Fox Regional Sports Nets Blacked Out on Dish

Dish said that the Fox Regional Sports Networks have been blacked out to Dish and Sling subscribers.

The 16 sports channels are currently owned by The Walt Disney Co., but Disney has a deal to sell them to a group led by Sinclair.

Already dark on Dish are stations owned by Meredith Corp. after the companies failed to reach an agreement after a one-day extension on July 15.

Dish also faces a blackout on the FX and Nation Geographic channels Disney acquired from 21st Century Fox. Those are current available to subscribers via a temporary extension.

Dish claims that Disney is demanding unreasonable rates and want the on a tier that would force subscribers to pay for them whether they watch them or not. Dish also said Disney rejected a short-term extension that called for the new rate to be paid retroactively.

“The regional sports TV business model is broken,” said Andy LeCuyer, Dish senior vice president of programming. “It relies on the majority of customers subsidizing the slim minority who actually watch these channels. RSNs should be like a ticket to the ballpark – fans who want to watch the game should be the ones who pay for it.”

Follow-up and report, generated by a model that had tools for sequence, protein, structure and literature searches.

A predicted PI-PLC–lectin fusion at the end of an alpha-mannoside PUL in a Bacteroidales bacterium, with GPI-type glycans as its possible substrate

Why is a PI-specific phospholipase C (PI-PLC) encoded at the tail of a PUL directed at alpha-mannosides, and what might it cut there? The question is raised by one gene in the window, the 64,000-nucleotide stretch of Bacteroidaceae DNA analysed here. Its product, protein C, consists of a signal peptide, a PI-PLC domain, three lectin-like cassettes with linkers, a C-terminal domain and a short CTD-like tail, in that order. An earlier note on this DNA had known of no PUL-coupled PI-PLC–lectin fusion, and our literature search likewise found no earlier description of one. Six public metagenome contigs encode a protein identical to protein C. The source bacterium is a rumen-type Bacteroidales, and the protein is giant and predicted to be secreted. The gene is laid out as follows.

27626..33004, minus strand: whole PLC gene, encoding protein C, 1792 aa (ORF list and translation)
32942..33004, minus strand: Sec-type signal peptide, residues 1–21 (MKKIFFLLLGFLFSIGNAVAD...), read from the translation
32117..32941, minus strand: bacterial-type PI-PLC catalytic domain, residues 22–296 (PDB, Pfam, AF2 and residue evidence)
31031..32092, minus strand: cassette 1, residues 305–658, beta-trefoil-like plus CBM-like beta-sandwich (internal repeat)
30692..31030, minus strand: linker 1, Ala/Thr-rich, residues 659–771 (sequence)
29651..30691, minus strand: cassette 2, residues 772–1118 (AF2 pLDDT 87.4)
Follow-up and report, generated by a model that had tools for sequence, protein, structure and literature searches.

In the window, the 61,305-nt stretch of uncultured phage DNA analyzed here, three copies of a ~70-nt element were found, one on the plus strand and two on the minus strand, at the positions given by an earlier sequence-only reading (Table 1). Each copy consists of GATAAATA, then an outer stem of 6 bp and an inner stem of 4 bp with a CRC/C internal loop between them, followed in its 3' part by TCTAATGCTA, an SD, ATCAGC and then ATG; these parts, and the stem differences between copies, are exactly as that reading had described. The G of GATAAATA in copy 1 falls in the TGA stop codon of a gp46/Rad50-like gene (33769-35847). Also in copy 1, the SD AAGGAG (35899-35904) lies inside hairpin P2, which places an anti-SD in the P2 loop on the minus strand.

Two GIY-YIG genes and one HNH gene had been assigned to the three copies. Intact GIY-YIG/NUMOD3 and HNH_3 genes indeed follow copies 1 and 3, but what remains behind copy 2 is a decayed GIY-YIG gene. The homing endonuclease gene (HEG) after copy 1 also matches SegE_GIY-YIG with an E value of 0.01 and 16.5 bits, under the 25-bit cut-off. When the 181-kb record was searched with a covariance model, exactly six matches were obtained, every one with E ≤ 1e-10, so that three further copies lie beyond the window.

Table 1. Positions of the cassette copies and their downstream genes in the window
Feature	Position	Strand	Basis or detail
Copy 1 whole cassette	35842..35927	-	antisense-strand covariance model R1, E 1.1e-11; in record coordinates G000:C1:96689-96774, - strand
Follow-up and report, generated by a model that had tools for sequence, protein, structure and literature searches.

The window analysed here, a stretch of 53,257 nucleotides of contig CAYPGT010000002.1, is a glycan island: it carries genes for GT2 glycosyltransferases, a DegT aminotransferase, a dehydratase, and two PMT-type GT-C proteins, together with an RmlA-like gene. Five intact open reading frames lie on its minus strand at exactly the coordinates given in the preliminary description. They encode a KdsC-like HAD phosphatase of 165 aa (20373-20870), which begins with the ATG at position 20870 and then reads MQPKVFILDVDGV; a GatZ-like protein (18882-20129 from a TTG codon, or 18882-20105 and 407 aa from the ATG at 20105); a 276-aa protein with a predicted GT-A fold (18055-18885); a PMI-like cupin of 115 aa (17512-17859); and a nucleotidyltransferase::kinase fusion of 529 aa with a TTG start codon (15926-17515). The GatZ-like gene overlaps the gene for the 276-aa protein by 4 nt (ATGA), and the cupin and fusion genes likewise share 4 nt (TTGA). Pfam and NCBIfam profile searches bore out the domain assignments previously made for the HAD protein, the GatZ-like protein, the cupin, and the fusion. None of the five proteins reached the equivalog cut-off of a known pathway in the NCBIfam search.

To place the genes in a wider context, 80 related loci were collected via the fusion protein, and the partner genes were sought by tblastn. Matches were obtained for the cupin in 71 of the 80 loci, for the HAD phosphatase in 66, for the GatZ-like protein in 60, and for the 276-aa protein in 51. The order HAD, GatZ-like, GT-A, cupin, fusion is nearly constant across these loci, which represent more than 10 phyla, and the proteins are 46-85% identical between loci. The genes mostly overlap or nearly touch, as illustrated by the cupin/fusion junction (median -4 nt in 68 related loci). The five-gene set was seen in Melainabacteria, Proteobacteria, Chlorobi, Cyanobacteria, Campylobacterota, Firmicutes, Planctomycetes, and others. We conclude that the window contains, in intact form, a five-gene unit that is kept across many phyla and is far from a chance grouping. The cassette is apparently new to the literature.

Dish seems to want to put the RSNs on a sports tier.

“Sports programming is the most expensive content on TV. Networks pay the sports teams huge amounts of money, then try to recoup it from a broad base of consumers,” said LeCuyer. “It’s time to change the status quo.”

The Fox Regional Sports Networks removed from the DISH lineup are:

  • Fox Sports Arizona
  • Fox Sports Cincinnati
  • Fox Sports Detroit
  • Fox Sports Florida
  • Fox Sports Midwest
  • Fox Sports North
  • Fox Sports Ohio
  • Fox Sports Prime Ticket
  • Fox Sports San Diego
  • Fox Sports South
  • Fox Sports Southeast
  • Fox Sports Southwest
  • Fox Sports SportsTime Ohio
  • Fox Sports Sun
  • Fox Sports West
  • YES Network (Sling TV only)
Jon Lafayette

Jon has been business editor of Broadcasting+Cable since 2010. He focuses on revenue-generating activities, including advertising and distribution, as well as executive intrigue and merger and acquisition activity. Just about any story is fair game, if a dollar sign can make its way into the article. Before B+C, Jon covered the industry for TVWeek, Cable World, Electronic Media, Advertising Age and The New York Post. A native New Yorker, Jon is hiding in plain sight in the suburbs of Chicago.